Not reading the fine print can cost you big time


Paul SisolakBlog author Paul SisolakAs a personal finance journalist, Paul specializes in financial literacy, loans, credit scoring and the art of negotiation. He's covered some of the nation's most inspiring financial success stories for national publications including CNN, and US News & World Report and has a passion for helping Americans overcome their debt.

Published|6 min read

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There’s something potentially dangerous lurking in the fine print of that contract you’re about to sign.

It may be a new insurance policy, a car loan, credit card or some other financial product. Once it’s time to peruse the terms and conditions, you gloss over it, your eyes glazing over.

Fewer than one in 1,000 people take the chance to read fine print, and it’s not hard to understand why. It’s boring, it’s long, it’s tedious, and it’s time consuming. We’ll bypass sifting through pages and pages of verbiage, and hastily scroll right down to the bottom of the screen before reading a single word, trusting that everything is on the up and up.

It’s only after thoughtlessly signing your name or clicking ‘accept’ that those pesky details, loopholes and other issues with your contract emerge. Buried deep and printed small, it could be some condition or penalty you weren’t aware of, or some complexly worded legal lingo that benefits your lender or creditor, not you.

"Read the fine print" is good advice for a good reason. Failing to go over the fine print with a fine-tooth comb can result in being stuck with an agreement you’re not happy with, plus long-term financial repercussions. Here’s what to know and what to look for:

Auto loans

Buying a car ultimately comes down to knowing what your interest rate is and how it affects your monthly payment, but you may miss a lot if you neglect to read carefully your dealer’s agreement contract.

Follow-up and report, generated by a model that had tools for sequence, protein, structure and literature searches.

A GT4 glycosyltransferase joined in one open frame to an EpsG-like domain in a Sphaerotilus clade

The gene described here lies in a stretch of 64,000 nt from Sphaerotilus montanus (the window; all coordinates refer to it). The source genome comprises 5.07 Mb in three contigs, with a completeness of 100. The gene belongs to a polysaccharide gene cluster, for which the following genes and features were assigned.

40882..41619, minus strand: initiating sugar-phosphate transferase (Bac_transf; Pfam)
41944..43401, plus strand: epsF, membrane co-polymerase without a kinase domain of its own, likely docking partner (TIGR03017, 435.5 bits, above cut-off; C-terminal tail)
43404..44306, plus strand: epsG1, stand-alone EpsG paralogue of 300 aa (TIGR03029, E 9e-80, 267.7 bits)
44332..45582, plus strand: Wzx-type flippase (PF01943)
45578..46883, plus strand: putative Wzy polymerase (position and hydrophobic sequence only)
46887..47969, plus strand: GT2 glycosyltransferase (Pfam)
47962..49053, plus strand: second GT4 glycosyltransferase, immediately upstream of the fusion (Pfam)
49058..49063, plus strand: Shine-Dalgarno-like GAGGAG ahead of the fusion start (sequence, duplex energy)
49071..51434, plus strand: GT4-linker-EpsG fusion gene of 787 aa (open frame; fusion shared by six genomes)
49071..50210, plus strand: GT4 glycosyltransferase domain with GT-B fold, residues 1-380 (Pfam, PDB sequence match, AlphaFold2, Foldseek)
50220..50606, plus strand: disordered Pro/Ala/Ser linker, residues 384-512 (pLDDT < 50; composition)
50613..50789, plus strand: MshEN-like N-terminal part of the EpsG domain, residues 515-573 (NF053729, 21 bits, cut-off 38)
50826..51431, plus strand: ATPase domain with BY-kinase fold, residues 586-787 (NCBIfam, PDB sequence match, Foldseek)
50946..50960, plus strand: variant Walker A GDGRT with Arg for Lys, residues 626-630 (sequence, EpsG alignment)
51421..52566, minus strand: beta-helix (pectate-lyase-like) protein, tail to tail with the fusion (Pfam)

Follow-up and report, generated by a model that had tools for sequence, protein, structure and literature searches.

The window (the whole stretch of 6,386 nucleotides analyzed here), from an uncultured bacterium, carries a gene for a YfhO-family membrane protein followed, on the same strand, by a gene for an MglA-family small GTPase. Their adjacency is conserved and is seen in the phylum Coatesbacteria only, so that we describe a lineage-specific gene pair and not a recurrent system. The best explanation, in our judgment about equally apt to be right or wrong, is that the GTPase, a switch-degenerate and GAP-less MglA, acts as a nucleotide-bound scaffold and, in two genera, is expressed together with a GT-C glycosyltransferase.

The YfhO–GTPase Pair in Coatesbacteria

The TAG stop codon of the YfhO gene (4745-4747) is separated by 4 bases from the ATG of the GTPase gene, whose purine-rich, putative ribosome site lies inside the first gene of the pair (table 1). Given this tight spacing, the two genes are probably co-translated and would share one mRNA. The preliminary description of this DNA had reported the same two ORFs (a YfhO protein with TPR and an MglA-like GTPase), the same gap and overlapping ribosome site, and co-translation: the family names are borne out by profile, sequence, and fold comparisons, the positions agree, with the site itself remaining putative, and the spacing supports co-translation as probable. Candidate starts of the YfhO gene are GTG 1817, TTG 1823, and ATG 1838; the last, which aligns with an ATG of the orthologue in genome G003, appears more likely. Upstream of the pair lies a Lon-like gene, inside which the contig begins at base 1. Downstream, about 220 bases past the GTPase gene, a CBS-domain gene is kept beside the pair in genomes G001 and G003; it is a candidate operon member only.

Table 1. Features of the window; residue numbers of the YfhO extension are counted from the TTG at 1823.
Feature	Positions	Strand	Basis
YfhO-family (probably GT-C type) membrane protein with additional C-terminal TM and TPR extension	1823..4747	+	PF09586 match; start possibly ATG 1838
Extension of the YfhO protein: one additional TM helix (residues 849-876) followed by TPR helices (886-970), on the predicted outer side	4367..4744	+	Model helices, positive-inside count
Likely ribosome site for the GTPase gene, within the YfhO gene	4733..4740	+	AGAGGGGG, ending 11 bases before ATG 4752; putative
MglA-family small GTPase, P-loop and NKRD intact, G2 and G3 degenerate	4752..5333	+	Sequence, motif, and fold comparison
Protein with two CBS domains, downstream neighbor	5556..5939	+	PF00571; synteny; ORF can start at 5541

Before signing off on the loan, confirm with your dealer and in the agreement language that the terms are final. I faced this once when going to buy a car. Though my credit at the time was decent, the finance department determined only after we signed the paperwork that it wasn’t good enough for the terms they promised me, and that I needed to make a larger down payment if I wanted to keep the car.

(Read our guide to dealer financing vs lender financing.)

Some car dealers may put similar "yo-yo financing" clauses in their contracts stipulating that they can void the deal at any time at their discretion. Often, buyers will return to the dealer the next day to seal the deal, only to be pressured to sign a new loan offer with worse terms.

Like most loans, check for any evidence of prepayment penalties if you pay off the loan earlier than planned. Your loan may also include other services and features you may not want, like GAP or collateral protection insurance, but if you don’t spot them in the fine print, they can jack up the price of your loan.

Mortgage loans

The 2008 mortgage crisis that tipped off the Great Recession certainly brought awareness to making home lending a more transparent business, but there’s still plenty of fine print to be aware of if you’re buying a new house.

One is your interest rate. Checking your loan contract to see how often the interest on the mortgage compounds can make a huge difference in the amount of money you spend or save over the life of the loan. While some mortgage APRs compound semi-annually, some compound monthly, raising the amount you owe your lender.

Blink and you might miss other fine print-specific items, like your mortgage pricing structure, aka the points system. When you pay points, you pay about a percentage point of your total mortgage loan, which can lower your monthly loan payment. These points can change from day to day until you finally secure a final interest rate and sign the mortgage with your agent or seller.

You’ll also want to look for other mortgage elements in the fine print. If your home loan is variable-rate, your lender may choose to register it as a collateral charge, allowing them to change your interest rate at any time without warning. Know if your insurance will be held in an escrow account. Is your mortgage portable or assumable? In the former, you may be able to take your current mortgage with you to a new house, even if rates have risen; and in the latter, you may be able to let someone else inherit your loan. The fine print of your contract should detail both.

Insurance policies

Insurance is designed to give you peace of mind that your expenses are covered in the event of emergency or catastrophe, but don’t assume your policy comes with the same safety net. Exceptions and exclusions may be written plain as day in your contract, but you’ll never see them if you don’t spend some time looking at the fine print.